These utilize a clear lens and black housing, with wide white/amber switchback LED halo channels running around the inner perimeter curve of the housing to provide excellent visibility. The running LED halo is white, and when turn signals are activated, the LED halo turns amber to notify oncoming traffic of the impending turn. An LED turn signal indicator also illuminates in the outer corner of the housing.

The simple installation of these housings combined with the improved lighting performance makes the choice to use them a slam dunk.

ANZO built these projector-style housings for F-150s that do not have the factory LED headlights and include H7 high- and low-beam bulbs to light up the road.

Installation of these headlight housings involves a couple of flathead screwdrivers, a 3/8-inch ratchet, a 3/8-inch extension, and the ever-present 10mm socket, along with an hour or two of your time depending upon your mechanical aptitude.

The OEM red/clear housings look OK, but ANZO USA has just the ticket to improve Red Storm’s aesthetics.

Along with the headlight housings, Lukason also selected new taillight housings to distinguish Red Storm from a sea of F-150s on the road. The Anzo LED Taillights in black complement the striking red exterior of Red Storm and offer super-bright LEDs to warn the traffic behind that the driver is coming to a stop. The clear lens combines with the black housing and LED bars to improve visibility in all conditions.

These taillight housings are also simple to install — just a couple of 10mm screws, and they pop out of the bed corners. Mount the two LED drivers inside the cavity with the included super-strength 3M tape, and then reinstall the mounting screws to finish up the installation.

The juice is worth the squeeze with these taillights.

Monitoring The Vital Signs

One of the most valuable items in this entire build is Raxiom’s Vent Integrated OBD-II Multi-gauge [PN T528310]. It has a ton of useful features, and Raxiom designed it to look right at home in the F-150’s interior by replacing the left-side factory vent.

The digital vent gauge offers real-time system monitoring, reads boost and vacuum through the OBD-II connection, and quickly reads and clears diagnostic trouble codes.

The Raxiom vent gauge offers a premium finish along with plug-and-play installation.

But that’s not all: it also has a peak recall for all functions to see where a parameter may be out of whack, along with 15-second record and playback capabilities. What might someone who owns a truck such as Red Storm do in less than 15 seconds? We’ll leave that guessing game up to you, wink-wink.

“We’ve all seen the Mustangs and diesel trucks with gauge pods all over the place. That’s not my style. This digital gauge allows you to see all the information of multiple “round” gauges in a very convenient package all with the push of a button,” says Lukason.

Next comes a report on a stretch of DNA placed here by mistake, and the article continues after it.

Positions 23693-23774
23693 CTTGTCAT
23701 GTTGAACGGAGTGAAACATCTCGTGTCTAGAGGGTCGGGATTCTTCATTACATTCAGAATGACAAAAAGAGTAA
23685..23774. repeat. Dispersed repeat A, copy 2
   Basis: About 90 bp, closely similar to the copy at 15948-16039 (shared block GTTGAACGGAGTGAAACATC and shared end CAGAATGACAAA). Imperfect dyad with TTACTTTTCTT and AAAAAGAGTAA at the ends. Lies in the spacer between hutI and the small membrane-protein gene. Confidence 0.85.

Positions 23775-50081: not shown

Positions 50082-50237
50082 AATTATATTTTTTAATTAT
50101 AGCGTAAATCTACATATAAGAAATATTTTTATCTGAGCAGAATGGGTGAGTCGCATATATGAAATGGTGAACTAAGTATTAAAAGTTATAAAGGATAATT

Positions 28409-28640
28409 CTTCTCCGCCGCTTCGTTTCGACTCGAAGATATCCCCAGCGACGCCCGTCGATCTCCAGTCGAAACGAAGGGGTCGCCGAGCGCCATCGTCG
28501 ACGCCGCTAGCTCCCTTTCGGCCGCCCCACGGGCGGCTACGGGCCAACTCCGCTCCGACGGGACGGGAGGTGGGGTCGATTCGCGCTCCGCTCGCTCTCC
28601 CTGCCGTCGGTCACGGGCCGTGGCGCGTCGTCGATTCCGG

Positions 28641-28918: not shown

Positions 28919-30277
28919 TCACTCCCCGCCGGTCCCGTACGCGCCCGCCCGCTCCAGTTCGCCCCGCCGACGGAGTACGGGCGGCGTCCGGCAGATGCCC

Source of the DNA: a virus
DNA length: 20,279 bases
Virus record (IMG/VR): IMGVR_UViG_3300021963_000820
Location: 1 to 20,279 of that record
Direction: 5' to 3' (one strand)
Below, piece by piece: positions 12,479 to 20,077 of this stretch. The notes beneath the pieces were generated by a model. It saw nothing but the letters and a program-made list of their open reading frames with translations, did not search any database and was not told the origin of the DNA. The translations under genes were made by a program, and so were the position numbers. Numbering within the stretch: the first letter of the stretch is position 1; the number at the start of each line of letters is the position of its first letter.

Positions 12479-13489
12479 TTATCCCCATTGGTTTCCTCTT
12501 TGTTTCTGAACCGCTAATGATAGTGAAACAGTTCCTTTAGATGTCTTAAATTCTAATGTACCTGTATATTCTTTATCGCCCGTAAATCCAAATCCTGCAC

The multi-gauge also tracks 0-60 elapsed times and even has a programmable shift light onboard. Best of all, installation is plug-and-play. Since the gauge comes with the factory-style vent housing already attached, it’s a matter of popping out the old vent, feeding the wiring to the appropriate place, plugging the control box into the OBD-II port, and enjoying the unit’s capabilities. The multi-gauge can be wired to work with the dimmer switch on the dash, has two additional analog inputs, and offers an analog boost sensor connection should you choose to use that method of monitoring boost.

The gauge plugs into the vehicle’s OBD-II port using this interface box. The labels are attached to the analog inputs.

Available readouts:

  • Boost
  • Coolant temperature
  • Air intake temperature
  • Ignition timing (real-time)
  • Throttle plate position
  • RPM readout
  • Road speed (direct from vehicle speed sensor)
  • 0-60 elapsed time
  • Battery voltage

The Raxiom multi-gauge finishes off the understated interior and gives Lukason a look into Red Storm’s operating parameters when necessary, although we suspect he leaves it on the 0-60 or record/playback readouts, for obvious reasons.

The installed product looks right at home in Red Storm’s dash.

Red Storm Is Complete

This fourth and final round of modifications wraps up Project Red Storm’s time with us here at FordMuscle. It has been a productive project, showcasing several items that appeal to the F-150 owner whilst achieving near-stratospheric performance levels and remaining streetable in the process. To recap: Round one of mods included the Whipple Superchargers installation, round two captured the details of JD Performance’s E85 fuel system, more boost, Kooks exhaust mods, and more Oz Tuning and dyno testing. Round three covered the MaxTrac / QA1 suspension upgrades, Asanti wheels and Toyo tires, and other driveline modifications from Eaton, JR Reel Driveline, and Stifflers.

All in all, Project Storm has brought the heat without overdoing it; Lukason now has the 9-second-capable truck he envisioned and shared with us all.

“This has been a great project. We’ve had some setbacks due to COVID-19, but we powered through and delivered exactly what we were hoping for — a 9-second daily driver that looks incredible and can still function as it was intended to do. Thank you to all the people involved in this project, it’s been a pleasure,” says Lukason.

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About the author

Jason Reiss

Jason draws on over 15 years of experience in the automotive publishing industry, and collaborates with many of the industry's movers and shakers to create compelling technical articles and high-quality race coverage.